DEUTSCHE BANK NATIONAL TRUST COMPANY, AS TRUSTEE OF ARGENT SECURITIES, INC., ASSET BACKED PASS THROUGH CERTIFICATES, SERIES 2003-W5, UNDER THE POOLING AND SERVICING AGREEMENT DATED AS OF OCTOBER 1, 2003, Plaintiff,
GARY BOYD, JACQUELINE J. BOYD, CURRENT SPOUSE OR CIVIL UNION PARTNER, IF ANY, OF GARY BOYD, CURRENT SPOUSE OR CIVIL UNION PARTNER, IF ANY, OF JACQUELINE J. BOYD, UNITED STATES OF AMERICA and UNKNOWN OWNERS AND NON-RECORD CLAIMANTS, Defendants.
MEMORANDUM AND ORDER
J. PHIL GILBERT, District Judge.
This matter comes before the Court on the stipulation for dismissal (Doc. 39) and unopposed motion to remand (Doc. 40) filed by plaintiff Deutsche Bank National Trust Company, As Trustee Of Argent Securities, Inc., Asset Backed Pass Through Certificates, Series 2003-W5, Under The Pooling And Servicing Agreement Dated As Of October 1, 2003 ("Deutsche Bank").
This case was originally filed in state court, but the United States removed it, relying on the Court's original jurisdiction over a claim against the United States, see 28 U.S.C. § 1442(a), and over a foreclosure action against the United States, see 28 U.S.C. § 1444. The claim involving the United States is the only claim in this case over which the Court has original jurisdiction. The Court had at the time of removal, and continues to have, jurisdiction over the remaining claims under 28 U.S.C. § 1367(a), which extends supplemental federal jurisdiction to all claims that are sufficiently related to the claims on which original jurisdiction is based so as to be part of the same case or controversy.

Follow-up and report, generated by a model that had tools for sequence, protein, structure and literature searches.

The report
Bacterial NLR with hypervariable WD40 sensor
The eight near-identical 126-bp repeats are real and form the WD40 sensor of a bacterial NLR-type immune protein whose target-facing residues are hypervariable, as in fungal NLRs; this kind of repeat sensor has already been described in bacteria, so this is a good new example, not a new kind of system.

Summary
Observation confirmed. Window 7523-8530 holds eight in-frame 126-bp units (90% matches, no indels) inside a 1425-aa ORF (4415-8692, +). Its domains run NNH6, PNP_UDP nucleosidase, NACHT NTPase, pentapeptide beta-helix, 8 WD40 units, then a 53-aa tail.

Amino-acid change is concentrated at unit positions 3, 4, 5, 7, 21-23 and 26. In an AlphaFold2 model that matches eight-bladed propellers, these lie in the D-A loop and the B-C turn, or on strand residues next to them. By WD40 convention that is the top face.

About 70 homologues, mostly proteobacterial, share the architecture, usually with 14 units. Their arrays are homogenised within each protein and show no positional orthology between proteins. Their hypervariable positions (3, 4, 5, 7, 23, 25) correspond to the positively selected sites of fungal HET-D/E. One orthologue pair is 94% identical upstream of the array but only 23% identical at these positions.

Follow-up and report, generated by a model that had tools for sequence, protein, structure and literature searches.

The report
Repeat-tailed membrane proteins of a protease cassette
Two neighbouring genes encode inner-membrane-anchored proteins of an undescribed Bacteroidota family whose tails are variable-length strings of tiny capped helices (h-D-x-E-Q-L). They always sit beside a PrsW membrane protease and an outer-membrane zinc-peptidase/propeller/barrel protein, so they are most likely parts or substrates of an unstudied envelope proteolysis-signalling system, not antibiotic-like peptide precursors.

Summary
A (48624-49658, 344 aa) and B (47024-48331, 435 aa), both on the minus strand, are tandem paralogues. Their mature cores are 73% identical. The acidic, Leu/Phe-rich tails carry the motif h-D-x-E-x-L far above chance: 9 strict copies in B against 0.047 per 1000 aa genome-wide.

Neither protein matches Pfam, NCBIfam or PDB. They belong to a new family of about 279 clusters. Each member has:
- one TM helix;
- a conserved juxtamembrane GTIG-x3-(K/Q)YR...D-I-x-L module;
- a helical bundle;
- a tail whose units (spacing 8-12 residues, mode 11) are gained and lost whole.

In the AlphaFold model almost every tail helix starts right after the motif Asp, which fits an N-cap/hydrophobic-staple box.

Federal Rule of Civil Procedure 41(a)(1)(A)(ii) allows dismissal by of a defendant by a plaintiff without a court order by filing a stipulation of dismissal signed by all parties who have appeared in this case. Therefore, the Court finds that the claim involving the United States is action is DISMISSED with prejudice and DIRECTS the Clerk of Court to enter judgment accordingly.
Further, since the claim involving the United States provided the sole basis for original federal jurisdiction, and since that claim has now been resolved, pursuant to 28 U.S.C. § 1367(c)(3), the Court may decline to exercise supplemental jurisdiction over the remaining claims. In deciding whether to decline jurisdiction over remaining claims when no original jurisdiction claims remain pending, a district court should consider judicial economy, convenience, fairness and comity. Wright v. Associated Ins. Cos., 29 F.3d 1244, 1251 (7th Cir. 1994) (citing Carnegie-Mellon Univ. v. Cohill, 484 U.S. 343, 350 (1988)). Where a district court dismisses all claims over which it has original jurisdiction before trial, "the usual and preferred course is to remand the state claims to the state court unless there are countervailing considerations." Payne for Hicks v. Churchich, 161 F.3d 1030, 1043 (7th Cir. 1998) (citing Wright, 29 F.3d at 1251). The Court has considered the relevant factors, including the fact that this case is in a very early stage, and has determined that remand is proper. Accordingly, the Court GRANTS Deutsche Bank's motion to remand this case to state court (Doc. 40).
The Court further:
&bull FINDS pursuant to Federal Rule of Civil Procedure 54(b) that there is no just reason for delay in entry of judgment on the claim involving the United States;
&bull DIRECTS the Clerk of Court to enter a Rule 54(b) judgment dismissing the claims involving the United States and the Unknown Owners and Non-Record Claimants; and
&bull REMANDS the remainder of this case to the Circuit Court of the Third Judicial Circuit, ...